Integral and peripheral membrane proteins

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=== Integral Membrane Proteins  ===
  
These are [[Proteins|proteins]] directly linked to the [[Plasma membrane|plasma membrane]] of [[Cells|cells]]; they do not have intermediate [[Molecules|molecules]] between them and the [[plasma membranes|plasma membranes]]. They are also considered as proteins that fully pass through the membrane ([[Carrier protein|carrier proteins]] and [[Channel protein|channel proteins]]).  
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These are [[Protein|proteins]] directly linked to the [[Plasma membrane|plasma membrane]] of [[Cells|cells]]. They are also considered as proteins that fully pass through the membrane ([[Carrier proteins|carrier proteins]] and [[Channel proteins|channel proteins]]). Transmembrane proteins can be single-pass, (pass through the membrane once), or multipass (pass through the membrane more than once). These [[Transmembrane proteins|transmembrane proteins]] have both [[Hydrophillic|hydrophilic]] and [[Hydrophobic|hydrophobic]] regions; they are [[Amphiphilic|amphiphilic]]<ref>Alberts B, Johnson A, Lewis J, Raff M, Roberts K, Walter P (2008) Molecular Biology of the Cell, 5th Edition, Pages 629-630, New York: Garland Science</ref>. The hydrophobic regions are the regions inside the lipid membrane, so they are kept away from water, whereas the hydrophilic regions are on either side of the membrane<ref>Alberts B, Johnson A, Lewis J, Raff M, Roberts K, Walter P (2008) Molecular Biology of the Cell, 5th Edition, Pages 630, New York: Garland Science</ref>. The hydrophobic regions interact with the hydrophobic tails on [[Phospholipid|lipids]] inside the membrane. The transmembrane domains are usually made up of [[Alpha-helix|alpha-helices]], although can be made up of [[Beta-sheet|beta-sheets]] rolled up into a [[Beta Barrel|beta-barrell]].
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There is also a group of proteins that do not cross the lipid bilayer but are attached to only one side of it. That can be because:
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*they have a hydrophobic segment that can dive into the [[phospholipid|phospholipid]] layer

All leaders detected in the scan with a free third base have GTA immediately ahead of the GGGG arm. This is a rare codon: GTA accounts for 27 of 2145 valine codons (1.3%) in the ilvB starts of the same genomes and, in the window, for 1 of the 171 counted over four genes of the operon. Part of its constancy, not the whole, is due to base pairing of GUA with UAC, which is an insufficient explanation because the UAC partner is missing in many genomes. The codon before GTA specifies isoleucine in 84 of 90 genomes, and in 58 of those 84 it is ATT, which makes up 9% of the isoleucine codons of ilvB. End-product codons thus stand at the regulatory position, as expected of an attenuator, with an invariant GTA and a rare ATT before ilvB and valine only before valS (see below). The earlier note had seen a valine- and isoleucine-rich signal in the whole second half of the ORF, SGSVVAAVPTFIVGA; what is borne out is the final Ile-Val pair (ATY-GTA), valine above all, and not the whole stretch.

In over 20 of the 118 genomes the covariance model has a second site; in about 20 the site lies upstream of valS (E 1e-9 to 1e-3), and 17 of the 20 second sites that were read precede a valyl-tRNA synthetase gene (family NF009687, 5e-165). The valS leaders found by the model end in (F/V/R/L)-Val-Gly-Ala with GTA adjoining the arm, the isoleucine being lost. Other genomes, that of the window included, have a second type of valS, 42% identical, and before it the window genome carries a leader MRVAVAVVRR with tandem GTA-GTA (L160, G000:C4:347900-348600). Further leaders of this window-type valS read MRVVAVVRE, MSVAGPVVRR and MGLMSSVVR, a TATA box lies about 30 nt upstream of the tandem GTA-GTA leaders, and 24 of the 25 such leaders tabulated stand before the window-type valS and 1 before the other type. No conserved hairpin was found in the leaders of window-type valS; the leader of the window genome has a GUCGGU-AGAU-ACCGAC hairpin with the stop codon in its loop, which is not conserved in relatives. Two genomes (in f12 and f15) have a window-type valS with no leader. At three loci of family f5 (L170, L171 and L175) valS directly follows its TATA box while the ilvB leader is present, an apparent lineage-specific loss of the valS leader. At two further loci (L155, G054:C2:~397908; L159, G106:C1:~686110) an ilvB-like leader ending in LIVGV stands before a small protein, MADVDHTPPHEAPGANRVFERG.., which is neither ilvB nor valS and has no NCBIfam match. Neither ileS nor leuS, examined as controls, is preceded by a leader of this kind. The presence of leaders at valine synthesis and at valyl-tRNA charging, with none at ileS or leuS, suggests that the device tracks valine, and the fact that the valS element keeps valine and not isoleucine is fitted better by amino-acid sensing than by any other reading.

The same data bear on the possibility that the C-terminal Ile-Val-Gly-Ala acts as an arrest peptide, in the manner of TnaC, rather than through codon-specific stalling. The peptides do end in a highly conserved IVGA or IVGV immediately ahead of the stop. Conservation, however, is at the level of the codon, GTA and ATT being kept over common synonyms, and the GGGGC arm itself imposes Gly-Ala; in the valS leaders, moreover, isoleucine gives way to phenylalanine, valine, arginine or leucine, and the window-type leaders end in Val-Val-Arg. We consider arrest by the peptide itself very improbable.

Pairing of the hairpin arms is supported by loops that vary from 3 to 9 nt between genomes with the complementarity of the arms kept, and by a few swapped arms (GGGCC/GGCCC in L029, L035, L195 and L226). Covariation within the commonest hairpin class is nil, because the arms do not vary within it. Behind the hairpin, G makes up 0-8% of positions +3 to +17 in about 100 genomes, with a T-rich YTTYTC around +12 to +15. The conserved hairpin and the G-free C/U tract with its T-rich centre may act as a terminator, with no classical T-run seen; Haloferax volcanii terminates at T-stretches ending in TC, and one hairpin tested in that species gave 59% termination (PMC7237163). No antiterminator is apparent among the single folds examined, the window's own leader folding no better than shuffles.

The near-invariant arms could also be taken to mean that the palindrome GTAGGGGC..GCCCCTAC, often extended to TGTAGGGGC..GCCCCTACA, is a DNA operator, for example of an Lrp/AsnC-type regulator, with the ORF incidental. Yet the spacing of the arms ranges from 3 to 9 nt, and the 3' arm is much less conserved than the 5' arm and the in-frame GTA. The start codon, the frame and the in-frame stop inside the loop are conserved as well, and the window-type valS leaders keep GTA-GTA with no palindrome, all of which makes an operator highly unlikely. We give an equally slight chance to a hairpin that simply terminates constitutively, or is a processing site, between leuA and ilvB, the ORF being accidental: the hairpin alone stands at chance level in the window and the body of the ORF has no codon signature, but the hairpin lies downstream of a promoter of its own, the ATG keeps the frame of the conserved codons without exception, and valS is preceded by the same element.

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*they are attached [[covalently|covalently]] to lipids of the bilayer
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*they are bind via an [[oligosaccharide|oligosaccharide]] linker(covalent interactions)<ref>Alberts B et al. Molecular Biology of the Cell. 6th ed., New York: Garland Science, Taylor  and; Francis Group, LLC. 2015</ref>.
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They do not readily dissociate with the cell membrane, and can therefore only be separated from the plasma membrane through the use of detergents (and other agents) to disrupt the plasma membrane.  
  
 
=== Peripheral Membrane Proteins  ===
 
=== Peripheral Membrane Proteins  ===
  
These proteins are connected to the plasma membrane through intermediate [[Molecules|molecules]] (even integral proteins) or proteins attached to only one side of the membrane; do not pass through the membrane <ref>Alberts B, Johnson A, Lewis J, et al. Molecular Biology of the Cell. 4th edition. New York: Garland Science; 2002</ref>.<br>
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These proteins are connected to the plasma membrane through intermediate [[Molecules|molecules]] (even integral proteins) by [[noncovalent|noncovalent]] interactions. They are released from the plasma membrane by agents that disrupts protein-protein interactions, e.g. by simply increasing the salt concentration of the buffer solution which the cells are suspended in.
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=== Membrane proteins association with lipid bilayer  ===